Business aims to help Indigenous people understand how trauma affects daily life | CBC News

One Indigenous business is centred around helping Indigenous people understand how trauma affects their everyday lives.

“My mission is to teach as many people as I can, because I can’t take away their pain,” said Stephanie Francis, owner of Spirit First Counselling and Consulting.

“I can’t take away the symptoms but what I can do is provide you with the information so you understand what’s going on with you.”

Francis, 47, is a member of Sitansisk or St. Mary’s First Nation, near Fredericton.

She spent over 20 years in the Indigenous mental health and health services fields and said during that time she also stayed grounded in Wabanaki ceremony, so she learned to blend those two ways of knowing.

She said Indigenous people are triggered at least a couple of times a day and that leads to going into fight, flight, freeze or fawn responses. Fight, flight, freeze or fawn are automatic responses to perceived threats.

“There’s nothing wrong with them, they’re not broken,” said Francis, who is Mi’kmaw with Wolastoqey ancestry.

She likens those responses to a war chief whose main function is to keep the body safe. The thinking part of the brain is like a grand council or a group of elders, which is slower to react.

Francis said through colonization and a forced disconnection to land, language and culture, Indigenous people have been beleaguered with trauma, so their war chief is strong and very developed. The group of elders or thinking part of the brain takes a while to mobilize.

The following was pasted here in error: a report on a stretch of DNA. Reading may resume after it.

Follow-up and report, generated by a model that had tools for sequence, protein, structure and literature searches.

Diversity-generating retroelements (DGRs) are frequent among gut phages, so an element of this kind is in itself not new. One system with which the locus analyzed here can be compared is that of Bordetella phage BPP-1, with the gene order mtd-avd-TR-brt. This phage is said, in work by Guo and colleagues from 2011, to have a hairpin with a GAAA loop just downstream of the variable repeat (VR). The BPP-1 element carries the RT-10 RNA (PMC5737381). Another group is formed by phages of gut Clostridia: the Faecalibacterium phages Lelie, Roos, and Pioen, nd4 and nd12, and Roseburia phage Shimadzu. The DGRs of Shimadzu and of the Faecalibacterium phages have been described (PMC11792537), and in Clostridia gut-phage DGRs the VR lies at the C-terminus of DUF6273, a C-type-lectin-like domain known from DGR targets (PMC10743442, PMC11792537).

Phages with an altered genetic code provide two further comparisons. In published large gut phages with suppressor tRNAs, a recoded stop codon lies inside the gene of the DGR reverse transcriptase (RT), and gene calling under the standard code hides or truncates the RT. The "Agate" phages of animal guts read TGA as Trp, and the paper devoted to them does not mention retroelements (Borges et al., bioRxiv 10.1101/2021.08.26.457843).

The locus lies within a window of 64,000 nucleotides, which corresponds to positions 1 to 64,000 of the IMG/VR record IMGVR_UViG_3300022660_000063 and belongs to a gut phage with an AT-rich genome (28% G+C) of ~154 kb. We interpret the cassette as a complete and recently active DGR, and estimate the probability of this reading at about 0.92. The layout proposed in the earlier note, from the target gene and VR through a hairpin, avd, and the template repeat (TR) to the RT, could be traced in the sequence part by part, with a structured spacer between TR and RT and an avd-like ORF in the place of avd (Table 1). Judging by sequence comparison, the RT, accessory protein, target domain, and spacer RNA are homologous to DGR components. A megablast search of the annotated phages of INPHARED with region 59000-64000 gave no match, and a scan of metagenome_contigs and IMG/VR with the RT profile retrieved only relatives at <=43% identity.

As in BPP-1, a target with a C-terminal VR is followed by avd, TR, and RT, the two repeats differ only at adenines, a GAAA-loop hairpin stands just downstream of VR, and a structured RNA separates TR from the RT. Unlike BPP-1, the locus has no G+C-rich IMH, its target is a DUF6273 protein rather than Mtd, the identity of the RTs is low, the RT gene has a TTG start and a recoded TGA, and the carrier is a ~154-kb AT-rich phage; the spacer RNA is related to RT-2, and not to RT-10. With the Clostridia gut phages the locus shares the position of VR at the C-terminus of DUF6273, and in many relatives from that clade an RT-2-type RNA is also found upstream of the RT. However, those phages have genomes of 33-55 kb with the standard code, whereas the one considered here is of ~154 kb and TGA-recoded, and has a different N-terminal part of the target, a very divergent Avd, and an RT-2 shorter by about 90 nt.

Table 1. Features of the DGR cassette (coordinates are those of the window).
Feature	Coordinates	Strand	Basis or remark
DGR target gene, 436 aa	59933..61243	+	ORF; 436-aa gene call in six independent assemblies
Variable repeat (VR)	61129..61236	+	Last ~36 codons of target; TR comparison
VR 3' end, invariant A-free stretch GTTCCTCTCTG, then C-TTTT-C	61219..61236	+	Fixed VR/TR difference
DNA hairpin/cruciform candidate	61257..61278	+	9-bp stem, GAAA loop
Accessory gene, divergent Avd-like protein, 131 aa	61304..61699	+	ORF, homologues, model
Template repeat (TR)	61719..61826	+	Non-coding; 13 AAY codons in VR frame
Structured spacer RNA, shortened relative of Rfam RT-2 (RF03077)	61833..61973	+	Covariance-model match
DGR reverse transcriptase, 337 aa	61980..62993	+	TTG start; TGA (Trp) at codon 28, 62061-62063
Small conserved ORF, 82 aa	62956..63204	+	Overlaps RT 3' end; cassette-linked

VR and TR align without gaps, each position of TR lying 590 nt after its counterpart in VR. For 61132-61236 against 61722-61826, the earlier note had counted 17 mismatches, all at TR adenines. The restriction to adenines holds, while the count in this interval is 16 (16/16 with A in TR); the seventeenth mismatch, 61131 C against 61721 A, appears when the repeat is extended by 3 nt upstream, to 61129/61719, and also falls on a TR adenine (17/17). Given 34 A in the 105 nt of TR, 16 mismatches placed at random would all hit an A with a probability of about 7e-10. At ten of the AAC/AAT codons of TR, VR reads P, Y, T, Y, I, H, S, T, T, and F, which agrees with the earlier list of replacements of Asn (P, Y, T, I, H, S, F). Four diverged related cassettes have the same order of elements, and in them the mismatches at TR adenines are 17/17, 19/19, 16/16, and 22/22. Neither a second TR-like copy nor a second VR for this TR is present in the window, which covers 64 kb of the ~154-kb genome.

She said her business can help people understand that they’re not broken but have grown up in a country not built for them. 

“[There’s] a need to learn about trauma, to understand how our brain works,” said Francis. 

She’s a semi-finalist in the non-profit, charity and education category of the Pow Wow Pitch competition. The Pow Wow Pitch team said in an email 131 entrepreneurs made it to the semi-final round and were paired with a mentor and received training to pitch their businesses to a group of judges for a chance to win prizes and advance to finals.

There is a total of $200,000 in prizes for successful businesses.

Francis said if she wins, she hopes to expand her business and to develop video content for a wider audience. 

Marilynn-Leigh Francis, owner of Spirit of the Treaty Talks, an online meeting place for Indigenous people to learn and stay connected, said she brought in Stephanie Francis for a presentation because it’s important more people learn about trauma. 

Marilynn-Leigh Francis is the Kespu’kwitk district chief and attended a presentation by Stephanie Francis about trauma. (submitted by Marilynn-Leigh Francis)

“She helped me understand certain ailments and I think that’s something our people need to understand, how our mind works, how grieving and trauma and past experiences come together to affect how we are now,” said Marilynn-Leigh Francis.

She said Stephanie Francis does a good job explaining complex concepts in an Indigenous way and that it’s a presentation more people need to hear. 

“That would save a lot of negativity and a lot of hardship if they understood at a younger age what everything means,” she said. 

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